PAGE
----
In general, conservative forces can rely on the support of 20 percent or less of Iran’s population. Conservatives have been able to wrestle power from reformists in recent years in part through the manipulation of the country’s religious oversight bodies, in particular the Council of the Guardians, and by taking advantage of public apathy generated by the inability of reformist forces to push through their legislative agenda.
In another sign that the neo-conservatives are in the ascendancy, institutions closely identified with the Old Guard - such as the Society of Combatant Clergy and the Islamic Coalition Association (ICA) - have recently seen their authority scaled back. Throughout the Islamic republic’s history, the ICA managed billions of dollars in various economic projects with little or no accountability for expenditures. Rumours are now circulating in Tehran that some ICA-affiliated organizations may soon be the targets of an anti-corruption investigation.
Some observers consider former Majles Speaker Hojjatoleslam Ali-Akbar Nateq Nouri, who officially serves as Khameneh’i’s chief of staff, as the chief liaison between the Old Guard leadership and members of the neo-conservative movement.
Influential conservative clerics appear to hope that the neo-conservatives will be able to restore the popular consensus for Islamic republican principles, which have eroded since 1997, following the election of reformist president Mohammad Khatami. The neo-conservatives are reputed to be strong supporters of Khamenei’s spiritual authority, and they currently enjoy a reputation of shunning corrupt practices. The also express a willingness to embrace new tactics, which are more in step with public preferences, in going about defending Iran’s Islamic orthodoxy.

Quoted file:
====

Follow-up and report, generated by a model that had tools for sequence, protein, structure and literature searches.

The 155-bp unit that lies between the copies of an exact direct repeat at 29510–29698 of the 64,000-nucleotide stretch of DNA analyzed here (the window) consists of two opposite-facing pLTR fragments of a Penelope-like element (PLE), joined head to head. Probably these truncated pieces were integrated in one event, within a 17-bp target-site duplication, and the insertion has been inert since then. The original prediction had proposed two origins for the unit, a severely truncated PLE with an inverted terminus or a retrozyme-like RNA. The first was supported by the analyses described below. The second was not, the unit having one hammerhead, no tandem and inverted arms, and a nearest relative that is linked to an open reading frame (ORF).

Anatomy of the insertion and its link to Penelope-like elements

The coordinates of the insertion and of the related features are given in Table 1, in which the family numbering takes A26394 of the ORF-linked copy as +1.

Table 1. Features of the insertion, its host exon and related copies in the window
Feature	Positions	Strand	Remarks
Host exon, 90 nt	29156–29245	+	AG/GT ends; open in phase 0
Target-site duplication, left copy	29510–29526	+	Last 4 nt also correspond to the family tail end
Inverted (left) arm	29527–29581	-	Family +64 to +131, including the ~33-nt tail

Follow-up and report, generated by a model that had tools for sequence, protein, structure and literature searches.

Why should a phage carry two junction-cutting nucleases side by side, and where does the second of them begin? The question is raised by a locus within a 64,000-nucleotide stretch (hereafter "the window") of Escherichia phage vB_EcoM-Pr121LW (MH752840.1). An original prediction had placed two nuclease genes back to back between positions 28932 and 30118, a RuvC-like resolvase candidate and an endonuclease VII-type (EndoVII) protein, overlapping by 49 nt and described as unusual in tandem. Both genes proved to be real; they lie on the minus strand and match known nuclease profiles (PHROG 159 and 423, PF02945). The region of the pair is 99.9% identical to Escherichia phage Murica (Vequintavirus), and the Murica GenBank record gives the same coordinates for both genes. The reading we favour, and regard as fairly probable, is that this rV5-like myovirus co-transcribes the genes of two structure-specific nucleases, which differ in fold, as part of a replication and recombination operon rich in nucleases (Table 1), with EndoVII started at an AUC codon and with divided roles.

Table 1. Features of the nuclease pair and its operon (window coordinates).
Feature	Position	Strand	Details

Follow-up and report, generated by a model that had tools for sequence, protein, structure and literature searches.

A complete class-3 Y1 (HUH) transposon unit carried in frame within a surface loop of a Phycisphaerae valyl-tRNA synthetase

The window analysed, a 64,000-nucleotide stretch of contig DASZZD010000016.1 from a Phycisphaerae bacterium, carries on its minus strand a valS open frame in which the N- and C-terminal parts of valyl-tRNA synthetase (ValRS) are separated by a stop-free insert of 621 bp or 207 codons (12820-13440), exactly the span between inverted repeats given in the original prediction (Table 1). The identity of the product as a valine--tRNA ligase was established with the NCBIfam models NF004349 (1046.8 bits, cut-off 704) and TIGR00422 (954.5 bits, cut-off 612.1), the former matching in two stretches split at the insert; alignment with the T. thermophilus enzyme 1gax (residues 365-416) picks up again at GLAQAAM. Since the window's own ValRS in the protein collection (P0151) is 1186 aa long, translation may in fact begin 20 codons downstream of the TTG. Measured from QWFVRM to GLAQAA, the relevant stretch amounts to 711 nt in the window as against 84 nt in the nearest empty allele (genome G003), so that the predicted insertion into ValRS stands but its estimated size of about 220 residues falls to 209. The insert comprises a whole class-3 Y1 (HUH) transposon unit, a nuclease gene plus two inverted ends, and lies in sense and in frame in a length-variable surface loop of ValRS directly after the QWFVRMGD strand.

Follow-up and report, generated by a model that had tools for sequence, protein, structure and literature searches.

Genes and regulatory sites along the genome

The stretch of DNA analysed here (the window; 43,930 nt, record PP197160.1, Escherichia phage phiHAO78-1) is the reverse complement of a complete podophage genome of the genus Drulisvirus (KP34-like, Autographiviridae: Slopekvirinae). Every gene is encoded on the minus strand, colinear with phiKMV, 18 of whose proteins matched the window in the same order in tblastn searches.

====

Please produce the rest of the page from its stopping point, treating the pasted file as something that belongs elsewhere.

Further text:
The performance of Ahmadi-Nezhad’s mayoral administration in Tehran offers some insight into the neo-conservative movement’s operating methods. Its twin motto is "efficiency" and "clean government." Ahmadi-Nejad has sought to improve public services, including garbage collection, while seeking to reorient the city’s cultural policies. Tehran officials have closed down youth centres and music and film clubs, and instead pressed ahead with efforts to organise new youth-oriented religious programs.
In general, conservative forces can rely on the support of 20 percent or less of Iran’s population.
In addition to Iran’s political, social and economic problems, the confrontational stance adopted by the United States under the Bush administration has infused the neo-conservatives with a sense of urgency. The Bush administration, in which American neo-conservatives hold sway over Iranian policy, view Iran as a member of the "Axis of Evil," and, before US forces became bogged down in Iraq, often spoke of the need for regime change in Tehran.
Some observers in Tehran believe that the recent emergence of the Revolutionary Guards as a force in Iranian politics is a direct response to the country’s developing geopolitical challenges.
Given Iran’s complex political system, featuring elected and un-elected institutions, many observers say it is too early to tell whether the neo-conservative movement can gain enough traction, especially among the electorate, to successfully implement their agenda. At the same time, experts believe the neo-conservatives will soon have the opportunity to test their political leadership skills. ENDS IRAN CONSERVATIVES 14804
Editor’s Note: Kamal Nazer Yasin is a pseudonym for a freelance journalist specializing in Iranian affairs.
Highlights, some ediding and phonetisation of names are by IPS
This article was published by EurasiatNet on 25 July 2004